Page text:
One of my writing teachers wisely said, “You don’t become a writer by donning a beret.” I get it. My bomber hat will never turn me into the next Joan Didion, but I’ll still wear it at my writing desk on chilly days, earflaps down to muffle distractions.
Ann Weikers is a candidate for an MFA in Writing from Vermont College of Fine Arts. She received her J.D. from Villanova University School of Law and after decades in law firms and corporations, decided to change her wardrobe and become a writer. She lives in New Hampshire with her husband.
November 4, 2018 § 6 Comments
Having trouble making it to conferences? Finding workshop dates impossible or prices out of reach? Here’s a chance to enjoy a sampler of conference-style sessions you can watch in your yoga pants for free.
Starting November 8th, Village Writing School will present a series of free online lectures and interviews discussing memoir craft, marketing, platform-building and more. The video sessions will remain live until November 12th, and registrants may access them at their leisure over the five days.
Family and Religion—Two Scary Topics
Ruth Wariner’s memoir, The Sound of Gravel, details her escape at fifteen, with her brother and three younger sisters, from a polygamist cult in Mexico of which her father had been the leader. The book was an instant New York Times Best Seller and was called a “bracing, unforgettable story of survival” by Entertainment Weekly. Ruth will join us to discuss the difficulties of writing about these two emotionally-charged topics and why you should.
Telling Your #MeToo Story
It’s vitally important for writers to write and publish #MeToo memoirs. But what are the psychological challenges? What are the technical challenges? What writing techniques can help you portray a #MeToo scene? What should you keep in mind about your audience and about approaching publishers? What can you expect when you publically share your story? Tracy Strauss, who has published essays on writing #MeToo in Poets and Writers Magazine as well as Ms. Magazine, and whose own #MeToo story is forthcoming from Skyhorse Press, will guide you through this difficult topic with her courage and wit. You, too, can write for healing, for change, for empowerment.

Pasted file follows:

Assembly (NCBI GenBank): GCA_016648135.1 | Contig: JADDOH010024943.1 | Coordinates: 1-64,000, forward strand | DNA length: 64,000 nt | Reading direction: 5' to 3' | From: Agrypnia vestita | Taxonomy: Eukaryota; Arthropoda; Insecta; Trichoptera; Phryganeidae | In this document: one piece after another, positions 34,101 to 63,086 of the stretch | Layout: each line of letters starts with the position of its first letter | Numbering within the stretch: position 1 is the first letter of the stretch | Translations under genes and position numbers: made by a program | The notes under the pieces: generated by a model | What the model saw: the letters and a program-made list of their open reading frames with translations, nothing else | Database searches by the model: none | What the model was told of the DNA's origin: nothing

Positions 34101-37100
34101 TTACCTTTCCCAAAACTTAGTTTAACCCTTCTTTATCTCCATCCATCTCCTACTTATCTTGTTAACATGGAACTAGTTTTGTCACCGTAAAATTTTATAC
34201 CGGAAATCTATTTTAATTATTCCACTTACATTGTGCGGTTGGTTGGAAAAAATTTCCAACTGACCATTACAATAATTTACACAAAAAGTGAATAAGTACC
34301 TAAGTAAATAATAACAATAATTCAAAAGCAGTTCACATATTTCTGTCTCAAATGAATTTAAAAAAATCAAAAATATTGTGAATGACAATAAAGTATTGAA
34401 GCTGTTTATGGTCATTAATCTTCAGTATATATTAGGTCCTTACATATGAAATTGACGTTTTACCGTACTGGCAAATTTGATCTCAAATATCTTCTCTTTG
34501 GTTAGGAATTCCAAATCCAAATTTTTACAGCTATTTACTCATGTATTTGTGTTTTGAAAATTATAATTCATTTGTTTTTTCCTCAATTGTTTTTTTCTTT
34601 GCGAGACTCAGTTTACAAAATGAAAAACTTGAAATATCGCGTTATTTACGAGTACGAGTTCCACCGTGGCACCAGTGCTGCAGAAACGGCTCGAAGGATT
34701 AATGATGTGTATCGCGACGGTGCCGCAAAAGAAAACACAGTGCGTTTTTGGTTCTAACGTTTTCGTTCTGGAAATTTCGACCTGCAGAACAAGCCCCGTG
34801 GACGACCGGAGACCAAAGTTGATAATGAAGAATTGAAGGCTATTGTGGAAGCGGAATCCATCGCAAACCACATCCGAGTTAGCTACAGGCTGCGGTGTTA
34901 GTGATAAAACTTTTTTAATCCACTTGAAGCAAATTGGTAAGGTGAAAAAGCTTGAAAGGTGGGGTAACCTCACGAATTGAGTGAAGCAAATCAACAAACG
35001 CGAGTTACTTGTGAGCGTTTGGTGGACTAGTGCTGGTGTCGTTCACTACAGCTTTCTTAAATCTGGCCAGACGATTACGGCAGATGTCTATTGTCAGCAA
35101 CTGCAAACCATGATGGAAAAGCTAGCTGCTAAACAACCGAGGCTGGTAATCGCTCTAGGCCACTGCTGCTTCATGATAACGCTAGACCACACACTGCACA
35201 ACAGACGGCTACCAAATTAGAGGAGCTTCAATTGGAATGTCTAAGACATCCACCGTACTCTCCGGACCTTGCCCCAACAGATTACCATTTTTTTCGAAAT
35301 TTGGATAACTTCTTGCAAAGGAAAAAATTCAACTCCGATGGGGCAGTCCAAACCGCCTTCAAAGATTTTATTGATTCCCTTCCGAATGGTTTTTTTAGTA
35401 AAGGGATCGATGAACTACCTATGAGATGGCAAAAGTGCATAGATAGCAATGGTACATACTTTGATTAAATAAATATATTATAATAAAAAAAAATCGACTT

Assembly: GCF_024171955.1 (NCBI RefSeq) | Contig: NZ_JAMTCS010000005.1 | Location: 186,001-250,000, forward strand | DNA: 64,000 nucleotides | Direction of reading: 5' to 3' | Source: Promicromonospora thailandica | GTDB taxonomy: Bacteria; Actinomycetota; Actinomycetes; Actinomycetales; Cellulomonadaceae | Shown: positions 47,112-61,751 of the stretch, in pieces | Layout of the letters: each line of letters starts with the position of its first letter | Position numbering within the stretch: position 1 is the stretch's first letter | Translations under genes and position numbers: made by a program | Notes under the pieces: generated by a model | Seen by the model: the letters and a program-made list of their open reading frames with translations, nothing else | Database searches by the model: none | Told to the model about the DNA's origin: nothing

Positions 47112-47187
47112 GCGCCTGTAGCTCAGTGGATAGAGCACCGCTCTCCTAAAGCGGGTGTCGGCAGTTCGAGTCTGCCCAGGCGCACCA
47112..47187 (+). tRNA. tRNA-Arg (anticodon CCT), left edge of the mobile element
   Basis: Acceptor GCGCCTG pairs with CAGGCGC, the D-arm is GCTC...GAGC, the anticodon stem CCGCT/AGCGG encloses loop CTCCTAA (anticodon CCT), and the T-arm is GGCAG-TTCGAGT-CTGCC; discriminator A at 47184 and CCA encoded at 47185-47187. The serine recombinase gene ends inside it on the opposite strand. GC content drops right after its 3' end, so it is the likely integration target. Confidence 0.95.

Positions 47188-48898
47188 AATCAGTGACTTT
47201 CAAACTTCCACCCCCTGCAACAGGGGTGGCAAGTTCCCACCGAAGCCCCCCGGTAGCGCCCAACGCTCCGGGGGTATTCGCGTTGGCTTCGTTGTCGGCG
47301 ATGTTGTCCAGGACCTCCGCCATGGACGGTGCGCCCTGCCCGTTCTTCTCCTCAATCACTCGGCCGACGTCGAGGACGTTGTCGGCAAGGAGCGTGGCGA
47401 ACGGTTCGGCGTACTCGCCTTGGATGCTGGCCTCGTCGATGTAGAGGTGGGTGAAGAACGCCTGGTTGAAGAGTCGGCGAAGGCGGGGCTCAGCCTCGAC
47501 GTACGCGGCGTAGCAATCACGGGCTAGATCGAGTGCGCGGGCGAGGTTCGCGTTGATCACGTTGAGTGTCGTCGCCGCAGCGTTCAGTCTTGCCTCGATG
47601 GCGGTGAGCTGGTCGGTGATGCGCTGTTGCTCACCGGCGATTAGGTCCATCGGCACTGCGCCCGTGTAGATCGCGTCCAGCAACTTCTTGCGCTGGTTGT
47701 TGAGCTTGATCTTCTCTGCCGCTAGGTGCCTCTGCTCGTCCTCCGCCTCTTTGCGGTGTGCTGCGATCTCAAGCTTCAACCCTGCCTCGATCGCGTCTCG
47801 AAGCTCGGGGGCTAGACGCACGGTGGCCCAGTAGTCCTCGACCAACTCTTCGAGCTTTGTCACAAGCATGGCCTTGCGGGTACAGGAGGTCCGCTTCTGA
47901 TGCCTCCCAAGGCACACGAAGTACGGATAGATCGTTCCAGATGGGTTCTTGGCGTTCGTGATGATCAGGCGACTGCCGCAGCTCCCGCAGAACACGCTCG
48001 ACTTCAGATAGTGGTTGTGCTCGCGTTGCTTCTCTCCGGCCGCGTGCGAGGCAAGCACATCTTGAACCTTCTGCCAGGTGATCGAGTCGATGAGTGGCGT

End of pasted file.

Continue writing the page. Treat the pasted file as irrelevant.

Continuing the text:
It Doesn’t Take as Long as You Think
Rachael Herron, author of Fast Draft Your Memoir in 45 Hours and A Life in Stitches, will prove to you that you DO have time to tell your story. She’ll also show you how to figure out what that story is and how to find the best spine for it. No more excuses!
Thoughts on Your Story, Beginning to End
Marion Roach Smith, who has taught the craft of memoir to thousands of students both in university classes and online will show you what to consider before beginning your story. She will also examine some special challenges of writing about trauma and tell you what to do if you still don’t have a happy ending.
Other Ways to Tell Your Story
Allison K Williams, who teaches workshops on blogging and essays and hosts the Brevity podcast, will show you how to tell your story through live and written short forms. Even if a book is not your thing—or not your thing yet—Allison will show you how to get your voice out there and how to build a readership for your story.
Publishing Your Story—What New York Wants You to Know
Renée Fountain, President of GH Literary, will discuss the potential for memoir, the things to avoid, and what New York is looking for. And as a literary agent seeking memoir, she’ll tell you what she is looking for.
It’s Never Too Soon to Build Your Audience
Beyond a “platform,” you want an authentic connection with readers. What are some ways you can begin to build that relationship long before your book comes out? Dan Blank of WeGrowMedia will show you how such connections can become the most satisfying part of your writing career.
All sessions are hosted by Alison Taylor-Brown, the founder and director of The Village Writing School, a 501c3 nonprofit. The school is an independent creative writing program, located in beautiful northwest Arkansas. Its mission is to help writers tell their stories in a more readable, publishable way. Complete details and speaker bios are here.
Interested? Register here.
The Blue Sweater: Learning the Difference Between the Things I Say Are True and the Things I Just Want To Be True
September 12, 2018 § 37 Comments
By Loree Griffin Burns
I thought I would bring a blue sweater home with me from Ireland. I mentioned the sweater in the final sentence of a short essay I wrote for a workshop during Bay Path University’s 2018 Summer Creative Writing Seminar in Dingle. The sentence read: Then I’ll walk back to my rented bed by way of the Dingle Strand woolen shop, where I’ve promised myself the slate blue wool sweater in the back corner, the one with the hood and the pockets, the one that felt like a hug when I tried it on, the one I am certain would never wrinkle, never, ever, amen.
But interesting things, hard things, happened after I wrote that essay. The workshop instructor told us to look for heartbeat lines in our pieces, and I knew that the blue sweater was not that. The heartbeat of that little essay was my grandmother and our relationship. And an important facet of our relationship was the early death of my mother, her oldest daughter.